Background and objectives: Allograft reconstruction of the humerus after resection is preferred by many because of bone stock restoration and biologic attachment of ligaments and muscles to the allograft, theoretically obtaining superior stability and functionality. Our aim was to assess the prevalence of complications and the incidence and etiology for revision surgery in humeral allograft reconstructions.
Methods: We included patients 18 years and older who underwent wide resection and allograft reconstruction of the humerus for primary and metastatic lesions at our institution between 1990 and 2013. Our primary outcome measures were complications and revision surgery. We used competing risk regression to assess allograft survival.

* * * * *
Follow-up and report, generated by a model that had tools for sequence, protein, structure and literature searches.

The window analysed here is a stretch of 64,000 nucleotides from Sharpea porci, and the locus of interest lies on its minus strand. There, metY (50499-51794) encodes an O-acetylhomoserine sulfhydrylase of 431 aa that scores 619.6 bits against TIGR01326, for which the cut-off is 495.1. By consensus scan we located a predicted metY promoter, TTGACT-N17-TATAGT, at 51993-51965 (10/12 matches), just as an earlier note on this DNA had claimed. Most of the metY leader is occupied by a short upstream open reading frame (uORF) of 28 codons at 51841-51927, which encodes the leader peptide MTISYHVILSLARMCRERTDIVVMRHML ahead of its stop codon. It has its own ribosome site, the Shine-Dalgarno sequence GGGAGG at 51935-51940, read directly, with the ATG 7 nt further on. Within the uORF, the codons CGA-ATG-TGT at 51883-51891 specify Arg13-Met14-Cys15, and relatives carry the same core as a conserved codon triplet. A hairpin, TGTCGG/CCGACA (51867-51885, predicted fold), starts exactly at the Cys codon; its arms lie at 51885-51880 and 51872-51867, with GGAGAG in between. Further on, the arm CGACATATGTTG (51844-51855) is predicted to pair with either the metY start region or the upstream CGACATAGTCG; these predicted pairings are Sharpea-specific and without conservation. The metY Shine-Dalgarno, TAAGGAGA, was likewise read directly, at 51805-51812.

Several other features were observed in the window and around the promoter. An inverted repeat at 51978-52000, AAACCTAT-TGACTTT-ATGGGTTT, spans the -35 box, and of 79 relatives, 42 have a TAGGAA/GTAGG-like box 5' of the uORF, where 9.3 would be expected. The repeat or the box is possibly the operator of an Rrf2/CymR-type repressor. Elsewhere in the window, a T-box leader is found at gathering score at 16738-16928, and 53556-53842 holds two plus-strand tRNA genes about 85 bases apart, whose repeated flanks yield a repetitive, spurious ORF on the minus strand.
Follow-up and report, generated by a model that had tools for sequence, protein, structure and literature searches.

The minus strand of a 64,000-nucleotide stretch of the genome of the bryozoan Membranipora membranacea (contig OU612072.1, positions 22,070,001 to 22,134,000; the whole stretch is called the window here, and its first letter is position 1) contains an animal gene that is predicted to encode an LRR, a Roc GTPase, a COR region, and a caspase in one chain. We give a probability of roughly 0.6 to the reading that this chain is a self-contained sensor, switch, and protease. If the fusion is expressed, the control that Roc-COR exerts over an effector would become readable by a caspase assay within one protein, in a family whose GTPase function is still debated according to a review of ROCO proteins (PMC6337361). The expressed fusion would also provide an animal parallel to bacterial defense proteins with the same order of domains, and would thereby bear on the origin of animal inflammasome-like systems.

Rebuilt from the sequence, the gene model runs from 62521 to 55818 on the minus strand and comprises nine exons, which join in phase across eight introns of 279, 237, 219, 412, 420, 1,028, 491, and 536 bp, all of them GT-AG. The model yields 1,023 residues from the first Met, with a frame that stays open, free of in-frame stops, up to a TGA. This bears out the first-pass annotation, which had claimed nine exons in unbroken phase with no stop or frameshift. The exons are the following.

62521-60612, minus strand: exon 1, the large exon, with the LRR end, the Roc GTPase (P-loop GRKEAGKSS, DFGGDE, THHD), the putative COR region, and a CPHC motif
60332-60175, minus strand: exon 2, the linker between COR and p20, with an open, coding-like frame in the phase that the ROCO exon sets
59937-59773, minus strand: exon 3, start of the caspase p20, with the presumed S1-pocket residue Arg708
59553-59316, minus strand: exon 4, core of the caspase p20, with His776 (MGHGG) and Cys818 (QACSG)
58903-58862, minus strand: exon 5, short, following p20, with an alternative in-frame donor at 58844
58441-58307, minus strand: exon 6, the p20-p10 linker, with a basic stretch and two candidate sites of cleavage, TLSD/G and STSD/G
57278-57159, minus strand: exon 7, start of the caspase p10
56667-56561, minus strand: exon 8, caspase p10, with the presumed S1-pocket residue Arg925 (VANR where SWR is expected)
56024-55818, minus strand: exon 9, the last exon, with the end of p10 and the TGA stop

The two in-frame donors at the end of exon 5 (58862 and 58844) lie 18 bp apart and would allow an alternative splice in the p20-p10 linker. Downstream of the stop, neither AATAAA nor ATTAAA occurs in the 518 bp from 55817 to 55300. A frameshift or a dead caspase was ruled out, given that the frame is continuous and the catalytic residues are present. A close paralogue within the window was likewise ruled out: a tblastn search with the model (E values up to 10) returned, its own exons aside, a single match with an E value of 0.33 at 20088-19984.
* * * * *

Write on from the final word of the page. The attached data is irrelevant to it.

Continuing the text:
Results: Of the 84 patients we included, 47 patients (51%) underwent allograft reconstructions of the proximal humerus, 30 (36%) intercalary, and seven (8%) of the distal humerus. Fifty-one patients (61%) had at least one complication after surgery. Eighteen patients (21%) underwent revision surgery. The 5-year allograft survival was 71%.
Conclusion: Although allograft reconstructions of the humerus are a valuable option in the orthopedic oncologist's armamentarium, surgeons should mind the accompanying complication rates. Allograft fractures seem to be the main issue for proximal and distal allografts, often leading to revision surgery. Intercalary allografts are mostly troubled by nonunions.
Keywords: adverse events; fracture; nonunion; surgery.
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